A lingering frustration from the EA version of the game is that, in any given conversation, only the party member who initially talks can participate in the dialogue. This gets annoying when you want to take a skill check branch that another member would be better suited for, like letting your wizard take an Insight check, your scout take a Perception check or your bard take a Deception check. Other RPGs either always make your PC lead the talk, or let other party members interject at appropriate times. What's most baffling is that even other Larian games let you swap between party members during a conversation - that was kind of the whole point behind Divinity: Original Sin! I usually just roll with it, since most skill checks just provide more context, but it's still annoying and doesn't make much sense in-game.


I almost always lead with my PC, who is a Bard; there are some really helpful class abilities like Jack Of All Trades that make you at least somewhat decent in all skills and pretty darn good in quite a few. A big improvement from my initial foray into Early Access is the Insight system. When certain things occur in-game, a party member will get Inspired: that might be something like a cleric learning more about her deity, or a warrior defeating a hated foe, or an artisan crafting an exotic weapon. You can bank up to four Inspiration points. Whenever you fail a skill roll in a dialogue, you can choose to spend an Inspiration point to re-roll. This isn't usually worth it for a long-shot, like a DC18 when you just have +1, but it's really great for those moments of "Oh, come on, I shoulda nailed that roll!" I do like this system of having a limited number of a replenishable resource; since it does encourage you to actually use them; it oddly reminds me of Flasks in Elden Ring, but with narrative rather than combat implications.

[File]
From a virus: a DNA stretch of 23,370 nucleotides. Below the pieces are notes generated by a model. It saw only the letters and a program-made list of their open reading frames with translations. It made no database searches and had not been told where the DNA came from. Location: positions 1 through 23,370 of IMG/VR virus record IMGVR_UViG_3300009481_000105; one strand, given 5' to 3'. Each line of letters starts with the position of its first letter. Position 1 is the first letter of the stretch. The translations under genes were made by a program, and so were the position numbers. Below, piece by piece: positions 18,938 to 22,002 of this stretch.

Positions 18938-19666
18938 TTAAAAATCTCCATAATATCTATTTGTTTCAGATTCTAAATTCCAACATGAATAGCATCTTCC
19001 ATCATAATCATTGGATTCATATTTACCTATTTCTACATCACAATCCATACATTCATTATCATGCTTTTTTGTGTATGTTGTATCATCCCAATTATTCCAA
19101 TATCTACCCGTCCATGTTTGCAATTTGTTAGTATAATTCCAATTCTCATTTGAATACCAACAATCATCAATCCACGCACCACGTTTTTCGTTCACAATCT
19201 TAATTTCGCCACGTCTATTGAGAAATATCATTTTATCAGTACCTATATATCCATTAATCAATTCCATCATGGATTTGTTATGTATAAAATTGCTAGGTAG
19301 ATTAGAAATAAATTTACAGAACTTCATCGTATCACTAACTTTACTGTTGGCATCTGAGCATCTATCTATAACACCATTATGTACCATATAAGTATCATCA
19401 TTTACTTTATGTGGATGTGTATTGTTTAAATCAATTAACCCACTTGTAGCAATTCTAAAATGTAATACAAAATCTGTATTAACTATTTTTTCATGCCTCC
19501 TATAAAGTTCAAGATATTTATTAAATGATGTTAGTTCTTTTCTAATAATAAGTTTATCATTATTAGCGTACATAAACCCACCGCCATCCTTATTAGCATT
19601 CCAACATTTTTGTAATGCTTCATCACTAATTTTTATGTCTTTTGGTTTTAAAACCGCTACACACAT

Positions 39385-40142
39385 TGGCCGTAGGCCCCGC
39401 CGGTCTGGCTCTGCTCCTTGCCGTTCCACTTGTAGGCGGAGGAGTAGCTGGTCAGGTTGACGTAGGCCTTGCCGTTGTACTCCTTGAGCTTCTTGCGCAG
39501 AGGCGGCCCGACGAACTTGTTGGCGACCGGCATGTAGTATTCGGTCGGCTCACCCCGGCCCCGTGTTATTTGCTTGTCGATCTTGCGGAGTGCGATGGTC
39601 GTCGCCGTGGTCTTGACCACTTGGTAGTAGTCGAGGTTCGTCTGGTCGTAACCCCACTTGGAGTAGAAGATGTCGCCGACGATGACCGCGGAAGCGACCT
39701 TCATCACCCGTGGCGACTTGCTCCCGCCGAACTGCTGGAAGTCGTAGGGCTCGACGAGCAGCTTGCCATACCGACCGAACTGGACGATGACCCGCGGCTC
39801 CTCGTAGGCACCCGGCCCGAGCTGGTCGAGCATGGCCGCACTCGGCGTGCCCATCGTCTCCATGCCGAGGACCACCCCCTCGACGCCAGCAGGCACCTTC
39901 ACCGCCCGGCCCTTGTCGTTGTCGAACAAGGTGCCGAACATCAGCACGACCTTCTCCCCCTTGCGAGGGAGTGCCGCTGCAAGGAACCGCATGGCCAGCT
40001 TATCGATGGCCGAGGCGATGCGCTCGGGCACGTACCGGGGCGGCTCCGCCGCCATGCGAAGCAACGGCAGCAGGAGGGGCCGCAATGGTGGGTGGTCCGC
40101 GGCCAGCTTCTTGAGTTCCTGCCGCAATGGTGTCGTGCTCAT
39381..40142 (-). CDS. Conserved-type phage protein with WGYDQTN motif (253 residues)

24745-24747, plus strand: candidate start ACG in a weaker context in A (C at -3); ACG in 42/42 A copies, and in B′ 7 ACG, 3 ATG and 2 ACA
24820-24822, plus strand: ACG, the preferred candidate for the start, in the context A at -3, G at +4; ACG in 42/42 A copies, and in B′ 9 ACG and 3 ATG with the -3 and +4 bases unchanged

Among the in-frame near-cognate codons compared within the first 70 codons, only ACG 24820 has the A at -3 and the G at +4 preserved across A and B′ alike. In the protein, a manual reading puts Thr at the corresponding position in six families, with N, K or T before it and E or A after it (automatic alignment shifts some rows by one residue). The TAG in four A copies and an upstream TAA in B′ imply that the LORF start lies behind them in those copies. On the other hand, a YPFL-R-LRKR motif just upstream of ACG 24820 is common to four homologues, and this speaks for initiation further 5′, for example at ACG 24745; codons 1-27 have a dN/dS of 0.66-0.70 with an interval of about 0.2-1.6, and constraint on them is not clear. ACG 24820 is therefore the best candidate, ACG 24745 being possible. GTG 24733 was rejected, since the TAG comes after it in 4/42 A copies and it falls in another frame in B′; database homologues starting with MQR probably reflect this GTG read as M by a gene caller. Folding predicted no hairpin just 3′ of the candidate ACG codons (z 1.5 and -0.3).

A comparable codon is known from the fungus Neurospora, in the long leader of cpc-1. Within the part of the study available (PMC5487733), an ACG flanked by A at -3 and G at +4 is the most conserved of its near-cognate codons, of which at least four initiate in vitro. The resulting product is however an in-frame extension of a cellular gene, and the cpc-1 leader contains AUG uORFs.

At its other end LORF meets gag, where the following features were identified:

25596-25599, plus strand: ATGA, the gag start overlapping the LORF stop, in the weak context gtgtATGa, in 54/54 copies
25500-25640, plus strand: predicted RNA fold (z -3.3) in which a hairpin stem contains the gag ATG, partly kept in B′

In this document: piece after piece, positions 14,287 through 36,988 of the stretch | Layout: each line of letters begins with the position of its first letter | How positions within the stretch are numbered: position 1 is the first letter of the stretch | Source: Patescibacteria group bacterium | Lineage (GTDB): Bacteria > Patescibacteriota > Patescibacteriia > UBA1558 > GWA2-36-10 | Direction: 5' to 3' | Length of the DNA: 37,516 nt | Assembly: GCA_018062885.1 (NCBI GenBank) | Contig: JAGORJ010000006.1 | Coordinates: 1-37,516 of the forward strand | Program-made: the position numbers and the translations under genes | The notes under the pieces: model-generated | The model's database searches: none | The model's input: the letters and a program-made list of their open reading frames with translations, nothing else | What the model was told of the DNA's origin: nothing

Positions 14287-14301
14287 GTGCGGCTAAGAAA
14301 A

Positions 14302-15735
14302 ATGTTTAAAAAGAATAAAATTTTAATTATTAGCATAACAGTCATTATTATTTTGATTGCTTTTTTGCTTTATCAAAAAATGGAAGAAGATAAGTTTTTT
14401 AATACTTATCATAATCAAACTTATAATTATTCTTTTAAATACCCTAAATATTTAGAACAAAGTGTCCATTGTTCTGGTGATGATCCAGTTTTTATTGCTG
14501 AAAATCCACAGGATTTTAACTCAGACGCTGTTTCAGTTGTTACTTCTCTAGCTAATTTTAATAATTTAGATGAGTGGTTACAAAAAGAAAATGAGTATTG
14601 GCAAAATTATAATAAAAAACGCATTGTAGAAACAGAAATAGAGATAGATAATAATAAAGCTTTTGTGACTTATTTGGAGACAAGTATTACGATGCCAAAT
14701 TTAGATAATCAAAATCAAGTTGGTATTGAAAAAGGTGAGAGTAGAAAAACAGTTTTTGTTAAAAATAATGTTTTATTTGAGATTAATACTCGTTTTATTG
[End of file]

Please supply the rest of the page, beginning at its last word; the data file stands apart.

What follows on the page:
In my game, I hoarded Inspiration for a while, then started spending freely... a little too freely. When there is a conversation (or conversation-style cut-scene) that has a dramatic impact on the game, it's common for you to need to pass a series of checks. At one point, I got stuck with a permanent debuff on my main character because I couldn't pass 3 varied skill checks that occur back-to-back-to-back in the same dialogue. I had a single Inspiration point left, after squandering some on far-less-significant flavor-related outcomes in a previous conversation. I reloaded until I got the outcome I wanted, and since then I've tried to keep at least 3 Inspiration points in stock unless I'm sure I need them.